s does nothing to help with that. - All docs and whitespace changes will be closed unless you are a well-known contributor. The people writing the docs should be those who know the codebase the absolute best. People who have not demonstrated that shouldn't be messing with docs. Whitespace changes are both useless
*and*carry a risk of introducing bugs. - Anything you claim is a "speedup" must be benchmarked. In general, the goal is simplicity, so even if your PR makes things marginally faster, you have to consider the tradeoff with maintainablity and readablity.
- In general, the code outside the core
`tinygrad/`

folder is not well tested, so unless the current code there is broken, you shouldn't be changing it. - If your PR looks "complex", is a big diff, or adds lots of lines, it won't be reviewed or merged. Consider breaking it up into smaller PRs that are individually clear wins. A common pattern I see is prerequisite refactors before adding new functionality. If you can (cleanly) refactor to the point that the feature is a 3 line change, this is great, and something easy for us to review.

Now, what we want:

- Bug fixes (with a regression test) are great! This library isn't 1.0 yet, so if you stumble upon a bug, fix it, write a test, and submit a PR, this is valuable work.
- Solving bounties! tinygrad offers cash bounties for certain improvements to the library. All new code should be high quality and well tested.
- Features. However, if you are adding a feature, consider the line tradeoff. If it's 3 lines, there's less of a bar of usefulness it has to meet over something that's 30 or 300 lines. All features must have regression tests. In general with no other constraints, your feature's API should match torch or numpy.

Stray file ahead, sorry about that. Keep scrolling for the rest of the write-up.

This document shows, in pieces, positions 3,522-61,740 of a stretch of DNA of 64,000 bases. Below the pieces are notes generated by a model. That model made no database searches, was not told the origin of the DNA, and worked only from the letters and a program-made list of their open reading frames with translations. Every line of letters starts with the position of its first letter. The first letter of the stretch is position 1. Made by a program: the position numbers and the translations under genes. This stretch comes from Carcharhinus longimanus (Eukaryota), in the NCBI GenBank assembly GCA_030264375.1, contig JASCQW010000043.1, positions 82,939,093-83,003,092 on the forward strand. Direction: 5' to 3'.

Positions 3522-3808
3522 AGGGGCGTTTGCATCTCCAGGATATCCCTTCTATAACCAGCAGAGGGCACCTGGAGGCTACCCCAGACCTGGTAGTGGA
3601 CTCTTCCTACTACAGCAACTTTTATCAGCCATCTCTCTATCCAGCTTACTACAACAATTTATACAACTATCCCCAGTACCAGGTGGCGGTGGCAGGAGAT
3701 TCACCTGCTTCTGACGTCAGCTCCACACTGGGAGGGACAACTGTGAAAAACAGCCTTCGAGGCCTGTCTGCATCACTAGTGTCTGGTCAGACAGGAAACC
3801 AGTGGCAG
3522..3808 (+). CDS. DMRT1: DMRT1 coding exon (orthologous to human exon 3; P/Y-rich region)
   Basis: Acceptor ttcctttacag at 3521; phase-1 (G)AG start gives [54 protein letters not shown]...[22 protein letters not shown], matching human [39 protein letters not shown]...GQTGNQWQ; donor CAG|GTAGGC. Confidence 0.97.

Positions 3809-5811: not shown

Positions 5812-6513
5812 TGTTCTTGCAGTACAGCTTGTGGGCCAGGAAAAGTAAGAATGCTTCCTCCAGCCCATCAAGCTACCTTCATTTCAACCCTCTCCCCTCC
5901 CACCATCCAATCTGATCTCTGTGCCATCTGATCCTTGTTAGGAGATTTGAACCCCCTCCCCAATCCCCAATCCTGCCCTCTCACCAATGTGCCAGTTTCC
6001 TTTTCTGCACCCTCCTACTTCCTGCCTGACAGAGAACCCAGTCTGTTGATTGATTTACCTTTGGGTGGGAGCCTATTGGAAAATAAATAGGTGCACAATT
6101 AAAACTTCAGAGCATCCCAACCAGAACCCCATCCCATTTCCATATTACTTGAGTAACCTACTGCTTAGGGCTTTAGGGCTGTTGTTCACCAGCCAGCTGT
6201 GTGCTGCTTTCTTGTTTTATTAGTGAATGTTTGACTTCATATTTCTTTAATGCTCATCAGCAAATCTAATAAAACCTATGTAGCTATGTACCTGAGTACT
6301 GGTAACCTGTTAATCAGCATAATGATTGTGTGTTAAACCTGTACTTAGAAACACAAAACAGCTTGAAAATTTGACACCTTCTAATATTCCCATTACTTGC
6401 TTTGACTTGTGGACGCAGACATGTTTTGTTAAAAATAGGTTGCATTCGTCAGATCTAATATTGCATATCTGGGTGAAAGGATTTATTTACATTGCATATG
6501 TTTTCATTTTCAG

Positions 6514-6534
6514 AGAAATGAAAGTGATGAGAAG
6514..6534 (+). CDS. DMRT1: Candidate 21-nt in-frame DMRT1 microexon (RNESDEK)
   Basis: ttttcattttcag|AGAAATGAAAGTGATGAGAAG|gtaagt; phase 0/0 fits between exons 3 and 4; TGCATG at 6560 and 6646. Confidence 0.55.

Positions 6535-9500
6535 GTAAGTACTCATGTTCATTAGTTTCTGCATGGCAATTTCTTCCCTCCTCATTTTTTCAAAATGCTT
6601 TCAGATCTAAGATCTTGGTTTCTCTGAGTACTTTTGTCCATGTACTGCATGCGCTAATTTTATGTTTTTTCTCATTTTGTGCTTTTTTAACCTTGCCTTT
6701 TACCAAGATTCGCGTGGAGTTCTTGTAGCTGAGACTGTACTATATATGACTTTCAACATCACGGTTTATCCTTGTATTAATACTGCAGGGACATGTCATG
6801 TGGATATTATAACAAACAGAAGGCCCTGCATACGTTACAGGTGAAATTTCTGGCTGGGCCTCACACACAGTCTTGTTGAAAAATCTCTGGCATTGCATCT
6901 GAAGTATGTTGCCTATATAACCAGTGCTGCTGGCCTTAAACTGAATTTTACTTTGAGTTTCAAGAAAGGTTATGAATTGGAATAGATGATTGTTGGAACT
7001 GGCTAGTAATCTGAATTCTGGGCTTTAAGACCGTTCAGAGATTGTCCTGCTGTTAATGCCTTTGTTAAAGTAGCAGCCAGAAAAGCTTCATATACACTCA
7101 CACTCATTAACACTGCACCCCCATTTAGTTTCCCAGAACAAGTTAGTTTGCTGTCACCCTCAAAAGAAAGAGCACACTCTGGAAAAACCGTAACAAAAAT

- Refactors that are clear wins. In general, if your refactor isn't a clear win it will be closed. But some refactors are amazing! Think about readability in a deep core sense. A whitespace change or moving a few functions around is useless, but if you realize that two 100 line functions can actually use the same 110 line function with arguments while also improving readability, this is a big win. Refactors should pass process replay.
- Tests/fuzzers. If you can add tests that are non brittle, they are welcome. We have some fuzzers in here too, and there's a plethora of bugs that can be found with them and by improving them. Finding bugs, even writing broken tests (that should pass) with
`@unittest.expectedFailure`

is great. This is how we make progress. - Dead code removal from core
`tinygrad/`

folder. We don't care about the code in extra, but removing dead code from the core library is great. Less for new people to read and be confused by.

You should install the pre-commit hooks with `pre-commit install`

. This will run the linter, mypy, and a subset of the tests on every commit.

For more examples on how to run the full test suite please refer to the CI workflow.

Some examples of running tests locally:

```
python3 -m pip install -e '.[testing]' # install extra deps for testing
python3 test/test_ops.py # just the ops tests
python3 -m pytest test/ # whole test suite
```

Process replay compares your PR's generated kernels against master. If your PR is a refactor or speedup without any expected behavior change, It should include [run_process_replay] in the PR title, example. Note that you should keep your branch up-to-date with master.